370Z will of course attract hard core enthusiasts, tempted by the Sport Package with its stiffer suspension and 19-inch RAYS aluminum-alloys. The handsome wheels are shod with Bridgestone Potenza RE050A P245/40R19 front/P275/35R19 rubber. The Sport Package also upgrades the brakes to 14.0-inch front and 13.8-inch rear rotors (from 12.6-inch front/12.1-inch rear). Just so you know, the standard binders with 18-inch wheels are no slouch. 

There are two transmission choices: a new close-ratio 6-speed manual and a 7-speed automatic with great steering wheel paddle shifter for manual gear changes. SynchroRev Match  automatically controls and adjusts the engine revs to the exact speed of the next shift.  In other words, it blips the throttle to smooth out any up/down shifts, effectively making average Joes and Janes drive more like a professional race car driver. SynchroRev is on both manual and automatic transmissions.  It comes with the Sport Package.

Sound, and a lot of it

The Z is not a quiet car.  All the better to hear the throaty engine under hard acceleration.  That also means other sounds like tire noise and road gravel sound like intimate friends  inside the cabin. It makes the Bose sound system a little hard to rate. On specified premium I'm averaging  16 miles to the gallon in mixed driving. This Nissan is about performance, not frugality.

Compared to the outgoing 350Z, the snug interior gets material upgrades. Some of the details, like white stitching on console pieces, are quite nice.  Others like the gas and temperature gauge remain rudimentary.  The gauges are larger now with the tach taking center stage. Bluetooth handsfree for cell phones comes with the Touring  Package, dedicated iPod interface is optional (the Bose system has a simple audio jack). Single zone auto climate control has no digital display, just marking on the knob. Seats are heated but more importantly well sculpted to hug tight during high speed cornering.

Remember, it's not a minivan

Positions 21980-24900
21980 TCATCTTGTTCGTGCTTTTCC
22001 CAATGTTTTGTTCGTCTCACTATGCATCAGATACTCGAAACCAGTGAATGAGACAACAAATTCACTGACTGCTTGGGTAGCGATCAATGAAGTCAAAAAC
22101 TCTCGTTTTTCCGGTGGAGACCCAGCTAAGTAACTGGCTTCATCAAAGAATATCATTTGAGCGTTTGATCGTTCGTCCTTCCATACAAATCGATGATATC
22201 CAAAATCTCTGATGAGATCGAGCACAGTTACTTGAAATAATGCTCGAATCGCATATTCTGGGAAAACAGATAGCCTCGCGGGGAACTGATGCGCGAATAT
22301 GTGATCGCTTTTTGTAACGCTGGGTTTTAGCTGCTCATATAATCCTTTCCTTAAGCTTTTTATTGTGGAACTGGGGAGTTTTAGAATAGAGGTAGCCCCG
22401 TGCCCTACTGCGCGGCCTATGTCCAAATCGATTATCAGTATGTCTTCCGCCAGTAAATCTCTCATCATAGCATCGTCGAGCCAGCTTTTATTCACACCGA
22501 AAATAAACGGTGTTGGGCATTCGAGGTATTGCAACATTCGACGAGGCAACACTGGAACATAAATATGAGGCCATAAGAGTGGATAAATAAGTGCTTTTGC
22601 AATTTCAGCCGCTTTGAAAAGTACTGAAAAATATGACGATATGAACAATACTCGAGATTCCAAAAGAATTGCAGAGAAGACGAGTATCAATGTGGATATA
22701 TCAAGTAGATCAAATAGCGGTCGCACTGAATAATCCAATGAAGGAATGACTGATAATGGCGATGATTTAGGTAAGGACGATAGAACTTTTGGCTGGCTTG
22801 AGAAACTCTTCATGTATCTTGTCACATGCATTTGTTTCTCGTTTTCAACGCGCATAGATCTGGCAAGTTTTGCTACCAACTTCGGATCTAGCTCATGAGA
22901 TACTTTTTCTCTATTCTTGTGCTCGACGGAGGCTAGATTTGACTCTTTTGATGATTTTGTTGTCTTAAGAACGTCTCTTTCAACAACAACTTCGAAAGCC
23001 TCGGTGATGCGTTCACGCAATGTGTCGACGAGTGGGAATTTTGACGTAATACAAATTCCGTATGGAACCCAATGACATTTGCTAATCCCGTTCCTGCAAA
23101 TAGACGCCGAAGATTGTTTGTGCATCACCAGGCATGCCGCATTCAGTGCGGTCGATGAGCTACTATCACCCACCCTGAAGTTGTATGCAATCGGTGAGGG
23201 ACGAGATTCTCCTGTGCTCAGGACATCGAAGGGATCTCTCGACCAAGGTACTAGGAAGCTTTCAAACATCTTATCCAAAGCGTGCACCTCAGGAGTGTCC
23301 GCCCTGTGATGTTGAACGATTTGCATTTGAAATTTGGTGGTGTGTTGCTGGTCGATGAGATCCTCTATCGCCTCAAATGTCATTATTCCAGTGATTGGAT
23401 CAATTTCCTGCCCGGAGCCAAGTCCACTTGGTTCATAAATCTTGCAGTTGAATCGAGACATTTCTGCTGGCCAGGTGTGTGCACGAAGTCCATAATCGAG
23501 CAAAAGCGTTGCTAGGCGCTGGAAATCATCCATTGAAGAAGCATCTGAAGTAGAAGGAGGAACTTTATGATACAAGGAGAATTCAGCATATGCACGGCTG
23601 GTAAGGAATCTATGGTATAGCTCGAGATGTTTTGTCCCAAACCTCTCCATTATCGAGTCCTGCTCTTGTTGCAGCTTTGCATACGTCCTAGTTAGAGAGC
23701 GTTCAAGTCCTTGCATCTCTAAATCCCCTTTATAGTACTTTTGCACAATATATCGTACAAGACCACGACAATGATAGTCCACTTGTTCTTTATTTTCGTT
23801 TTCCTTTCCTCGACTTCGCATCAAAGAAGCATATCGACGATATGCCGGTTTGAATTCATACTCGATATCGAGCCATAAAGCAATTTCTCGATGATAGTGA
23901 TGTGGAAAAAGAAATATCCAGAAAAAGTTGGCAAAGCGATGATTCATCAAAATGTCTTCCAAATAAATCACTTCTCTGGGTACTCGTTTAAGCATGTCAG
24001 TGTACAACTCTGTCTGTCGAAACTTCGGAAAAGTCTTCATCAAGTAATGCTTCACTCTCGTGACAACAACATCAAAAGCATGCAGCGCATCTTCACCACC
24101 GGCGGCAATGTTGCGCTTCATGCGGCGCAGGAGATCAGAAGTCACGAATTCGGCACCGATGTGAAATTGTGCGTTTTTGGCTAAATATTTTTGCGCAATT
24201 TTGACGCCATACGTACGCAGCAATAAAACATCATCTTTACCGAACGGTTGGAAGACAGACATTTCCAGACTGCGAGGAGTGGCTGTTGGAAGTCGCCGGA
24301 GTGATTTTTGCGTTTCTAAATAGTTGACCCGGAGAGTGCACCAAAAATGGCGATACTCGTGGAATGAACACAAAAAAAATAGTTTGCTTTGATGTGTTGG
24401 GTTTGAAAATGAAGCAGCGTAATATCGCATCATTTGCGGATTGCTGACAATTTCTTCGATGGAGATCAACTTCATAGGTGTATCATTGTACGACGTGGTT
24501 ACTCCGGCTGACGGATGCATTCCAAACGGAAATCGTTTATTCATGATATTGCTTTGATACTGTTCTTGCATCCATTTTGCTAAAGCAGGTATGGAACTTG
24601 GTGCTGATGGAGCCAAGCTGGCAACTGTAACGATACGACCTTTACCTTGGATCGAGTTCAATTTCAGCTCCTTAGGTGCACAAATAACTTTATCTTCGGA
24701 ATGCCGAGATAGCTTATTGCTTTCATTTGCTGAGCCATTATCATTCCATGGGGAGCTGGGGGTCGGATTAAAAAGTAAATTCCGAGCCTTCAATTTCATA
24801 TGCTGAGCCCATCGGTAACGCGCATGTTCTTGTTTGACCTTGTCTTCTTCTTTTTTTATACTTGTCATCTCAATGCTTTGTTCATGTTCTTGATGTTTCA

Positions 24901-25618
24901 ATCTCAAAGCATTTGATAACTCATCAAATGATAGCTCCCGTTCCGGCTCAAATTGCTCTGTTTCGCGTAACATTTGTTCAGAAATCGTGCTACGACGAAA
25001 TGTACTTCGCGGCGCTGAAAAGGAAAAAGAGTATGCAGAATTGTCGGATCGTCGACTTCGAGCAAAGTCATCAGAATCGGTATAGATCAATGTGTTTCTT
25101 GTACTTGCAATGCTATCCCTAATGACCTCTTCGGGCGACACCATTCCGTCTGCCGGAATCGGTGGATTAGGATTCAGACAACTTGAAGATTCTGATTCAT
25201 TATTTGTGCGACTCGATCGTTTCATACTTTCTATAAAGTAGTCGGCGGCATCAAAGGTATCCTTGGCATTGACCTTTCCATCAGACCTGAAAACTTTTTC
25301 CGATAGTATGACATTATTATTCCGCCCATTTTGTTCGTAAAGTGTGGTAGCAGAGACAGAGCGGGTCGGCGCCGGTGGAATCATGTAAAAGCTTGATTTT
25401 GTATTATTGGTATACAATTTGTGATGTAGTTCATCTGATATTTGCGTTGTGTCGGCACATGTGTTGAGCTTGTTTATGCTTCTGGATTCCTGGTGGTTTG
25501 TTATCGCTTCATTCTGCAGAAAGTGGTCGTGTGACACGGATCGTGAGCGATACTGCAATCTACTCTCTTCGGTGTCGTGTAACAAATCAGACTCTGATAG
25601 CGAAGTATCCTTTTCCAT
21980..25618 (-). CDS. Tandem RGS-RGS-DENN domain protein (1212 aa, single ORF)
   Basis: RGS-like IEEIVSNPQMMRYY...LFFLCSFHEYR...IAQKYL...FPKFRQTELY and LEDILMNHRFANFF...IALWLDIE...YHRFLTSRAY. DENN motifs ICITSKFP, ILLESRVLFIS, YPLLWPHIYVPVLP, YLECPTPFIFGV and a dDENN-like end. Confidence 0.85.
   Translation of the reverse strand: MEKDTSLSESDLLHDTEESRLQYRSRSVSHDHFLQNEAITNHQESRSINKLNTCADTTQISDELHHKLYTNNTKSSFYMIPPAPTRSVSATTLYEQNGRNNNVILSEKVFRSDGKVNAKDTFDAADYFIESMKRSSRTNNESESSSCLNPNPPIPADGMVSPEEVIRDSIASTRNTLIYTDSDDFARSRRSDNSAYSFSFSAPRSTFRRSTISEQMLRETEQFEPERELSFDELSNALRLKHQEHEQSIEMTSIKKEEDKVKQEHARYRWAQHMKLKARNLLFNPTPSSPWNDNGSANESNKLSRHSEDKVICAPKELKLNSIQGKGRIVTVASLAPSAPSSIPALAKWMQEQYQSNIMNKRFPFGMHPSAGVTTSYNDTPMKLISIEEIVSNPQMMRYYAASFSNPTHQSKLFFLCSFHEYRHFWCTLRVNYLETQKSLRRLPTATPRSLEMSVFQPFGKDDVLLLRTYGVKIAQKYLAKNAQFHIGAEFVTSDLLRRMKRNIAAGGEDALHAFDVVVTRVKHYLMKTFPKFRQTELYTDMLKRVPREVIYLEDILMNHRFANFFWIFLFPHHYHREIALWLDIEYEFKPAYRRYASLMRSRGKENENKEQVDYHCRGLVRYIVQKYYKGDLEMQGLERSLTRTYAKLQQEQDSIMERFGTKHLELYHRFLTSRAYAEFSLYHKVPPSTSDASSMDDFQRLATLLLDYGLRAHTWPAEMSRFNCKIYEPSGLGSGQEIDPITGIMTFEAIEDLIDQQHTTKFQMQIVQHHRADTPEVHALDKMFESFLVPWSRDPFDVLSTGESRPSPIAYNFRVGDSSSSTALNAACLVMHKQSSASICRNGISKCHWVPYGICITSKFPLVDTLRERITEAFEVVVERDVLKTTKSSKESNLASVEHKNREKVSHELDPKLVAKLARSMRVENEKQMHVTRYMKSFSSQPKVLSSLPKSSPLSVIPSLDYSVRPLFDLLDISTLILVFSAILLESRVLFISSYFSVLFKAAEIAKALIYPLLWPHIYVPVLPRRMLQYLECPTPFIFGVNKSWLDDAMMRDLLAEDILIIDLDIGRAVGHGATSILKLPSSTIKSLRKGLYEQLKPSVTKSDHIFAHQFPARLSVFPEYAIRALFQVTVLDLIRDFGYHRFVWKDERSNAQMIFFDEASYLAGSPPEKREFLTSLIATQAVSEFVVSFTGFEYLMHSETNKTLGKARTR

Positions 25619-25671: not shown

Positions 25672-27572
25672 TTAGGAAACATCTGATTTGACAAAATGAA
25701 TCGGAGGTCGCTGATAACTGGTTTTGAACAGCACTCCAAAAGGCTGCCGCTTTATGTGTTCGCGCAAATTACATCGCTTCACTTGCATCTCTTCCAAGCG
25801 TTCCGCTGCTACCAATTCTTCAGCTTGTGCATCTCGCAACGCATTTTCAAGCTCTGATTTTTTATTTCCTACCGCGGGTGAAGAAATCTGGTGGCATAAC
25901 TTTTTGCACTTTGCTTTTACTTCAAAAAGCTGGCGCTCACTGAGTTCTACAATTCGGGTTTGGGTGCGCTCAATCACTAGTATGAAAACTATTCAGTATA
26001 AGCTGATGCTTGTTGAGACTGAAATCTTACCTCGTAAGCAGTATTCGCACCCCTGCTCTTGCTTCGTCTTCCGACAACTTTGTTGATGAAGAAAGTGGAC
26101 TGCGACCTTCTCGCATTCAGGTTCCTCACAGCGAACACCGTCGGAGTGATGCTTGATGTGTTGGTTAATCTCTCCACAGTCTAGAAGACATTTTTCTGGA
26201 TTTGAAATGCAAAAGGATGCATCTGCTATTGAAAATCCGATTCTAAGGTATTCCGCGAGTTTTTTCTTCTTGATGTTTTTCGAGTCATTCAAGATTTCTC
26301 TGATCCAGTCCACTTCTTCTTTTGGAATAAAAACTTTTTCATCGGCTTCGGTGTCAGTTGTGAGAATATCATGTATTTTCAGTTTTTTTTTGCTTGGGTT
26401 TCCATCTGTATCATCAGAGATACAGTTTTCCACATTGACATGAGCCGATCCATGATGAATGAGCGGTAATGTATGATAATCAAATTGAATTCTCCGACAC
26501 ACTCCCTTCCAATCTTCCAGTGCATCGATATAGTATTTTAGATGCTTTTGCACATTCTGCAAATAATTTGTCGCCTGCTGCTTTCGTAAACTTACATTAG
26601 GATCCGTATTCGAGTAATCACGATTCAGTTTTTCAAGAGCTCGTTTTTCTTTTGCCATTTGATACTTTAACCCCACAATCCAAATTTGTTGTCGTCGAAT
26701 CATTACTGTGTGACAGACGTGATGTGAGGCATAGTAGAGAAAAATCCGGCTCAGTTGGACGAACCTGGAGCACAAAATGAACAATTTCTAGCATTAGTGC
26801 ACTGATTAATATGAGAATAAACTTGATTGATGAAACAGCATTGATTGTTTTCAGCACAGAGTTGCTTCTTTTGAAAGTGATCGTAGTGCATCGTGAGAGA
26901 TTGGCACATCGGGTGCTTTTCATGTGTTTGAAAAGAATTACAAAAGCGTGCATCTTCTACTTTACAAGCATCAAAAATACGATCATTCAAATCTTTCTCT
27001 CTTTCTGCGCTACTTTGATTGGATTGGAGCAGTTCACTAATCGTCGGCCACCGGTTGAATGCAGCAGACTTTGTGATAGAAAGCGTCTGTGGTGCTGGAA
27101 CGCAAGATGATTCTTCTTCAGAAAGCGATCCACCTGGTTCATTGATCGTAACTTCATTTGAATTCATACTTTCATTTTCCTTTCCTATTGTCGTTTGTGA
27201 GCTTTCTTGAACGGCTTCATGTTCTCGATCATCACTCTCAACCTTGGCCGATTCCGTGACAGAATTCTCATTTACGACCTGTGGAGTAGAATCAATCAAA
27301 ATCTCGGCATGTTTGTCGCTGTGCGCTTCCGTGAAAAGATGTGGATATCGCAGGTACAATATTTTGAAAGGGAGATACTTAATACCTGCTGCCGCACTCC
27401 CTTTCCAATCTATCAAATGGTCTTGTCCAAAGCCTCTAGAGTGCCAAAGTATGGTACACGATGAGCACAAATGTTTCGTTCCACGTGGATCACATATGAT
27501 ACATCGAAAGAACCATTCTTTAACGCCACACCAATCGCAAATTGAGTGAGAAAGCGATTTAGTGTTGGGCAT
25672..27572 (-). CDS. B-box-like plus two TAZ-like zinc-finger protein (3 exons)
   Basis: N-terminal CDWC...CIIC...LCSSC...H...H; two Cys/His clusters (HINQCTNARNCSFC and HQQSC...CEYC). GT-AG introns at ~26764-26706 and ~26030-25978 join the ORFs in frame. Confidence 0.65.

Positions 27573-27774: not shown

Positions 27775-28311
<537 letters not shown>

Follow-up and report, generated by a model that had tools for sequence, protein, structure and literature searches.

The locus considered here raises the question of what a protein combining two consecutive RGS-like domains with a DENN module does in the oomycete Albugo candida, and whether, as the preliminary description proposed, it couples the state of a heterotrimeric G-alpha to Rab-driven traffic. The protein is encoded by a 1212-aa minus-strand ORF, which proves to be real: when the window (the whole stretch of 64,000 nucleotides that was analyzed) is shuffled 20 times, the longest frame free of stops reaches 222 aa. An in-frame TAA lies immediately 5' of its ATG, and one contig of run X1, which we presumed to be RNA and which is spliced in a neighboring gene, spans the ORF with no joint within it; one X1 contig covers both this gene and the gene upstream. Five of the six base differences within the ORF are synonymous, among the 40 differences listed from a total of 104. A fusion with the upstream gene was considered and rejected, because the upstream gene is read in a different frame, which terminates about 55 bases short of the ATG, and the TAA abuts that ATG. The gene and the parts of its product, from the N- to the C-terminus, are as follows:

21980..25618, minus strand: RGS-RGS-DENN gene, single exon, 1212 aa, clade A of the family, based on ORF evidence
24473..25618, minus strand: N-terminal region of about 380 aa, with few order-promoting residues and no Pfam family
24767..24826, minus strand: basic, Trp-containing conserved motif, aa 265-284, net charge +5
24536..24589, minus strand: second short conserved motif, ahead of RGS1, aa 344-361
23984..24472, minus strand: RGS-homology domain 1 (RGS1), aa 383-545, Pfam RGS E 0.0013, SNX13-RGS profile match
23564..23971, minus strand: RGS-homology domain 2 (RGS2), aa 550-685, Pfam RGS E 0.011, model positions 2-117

Gripes? With narrow windows visibility isn't great, especially the view out the back. Want to charge your cell phone?  The power port is located down below the small glove box, impossible for even NBA players to reach while driving. Order the nav system and storage on the center stack just above the radio is eliminated. You'll miss it too because the center console has precious little space. Even the welcomed shelves behind the seats are tough to access because the backs don't easily flip forward .

This trend continues in the trunk.  I like the function of the retractable security cover but it cuts down on volume. The cargo space is shallow with intrusive strut towers.  Frankly I'm pleasantly surprised it holds four packs of the 2-ply in the infamous Costco Toilet Paper Test.

Apples to apples is tough

Keep the options down and 370Z is a good value.  Nissan has competitors though they aren't exactly direct matches.  Most have back seats including brother Infiniti G37.  Hyundai is using the Z's original recipe of good lucks, great performance and bargain price to sell the new Genesis Couple.  Loosely speaking there's also the Mazda RX-8, Ford Mustang GT and the upcoming Chevy Camaro and Pontiac Solstice Coupe.  The new BMW Z4, 3-Series Coupe, Chevrolet Corvette and Porsche Cayman are all priced higher.  

The stubby stealth fighter look is shorter but wider than the 350Z.   There's a hint of the original 240Z in the side glass, and cues from the current GT-R in the roof. Pictures don't show how three-dimensional the swoopy taillights are.  My eye finds the overall design chunkier than I like my sports cars but hey, design is subjective.  Al lot of people admired the Z.  The real attraction here isn't style, it's performance.  Enthusiasts who engage with their cars will find the Nissan 370Z letter perfect.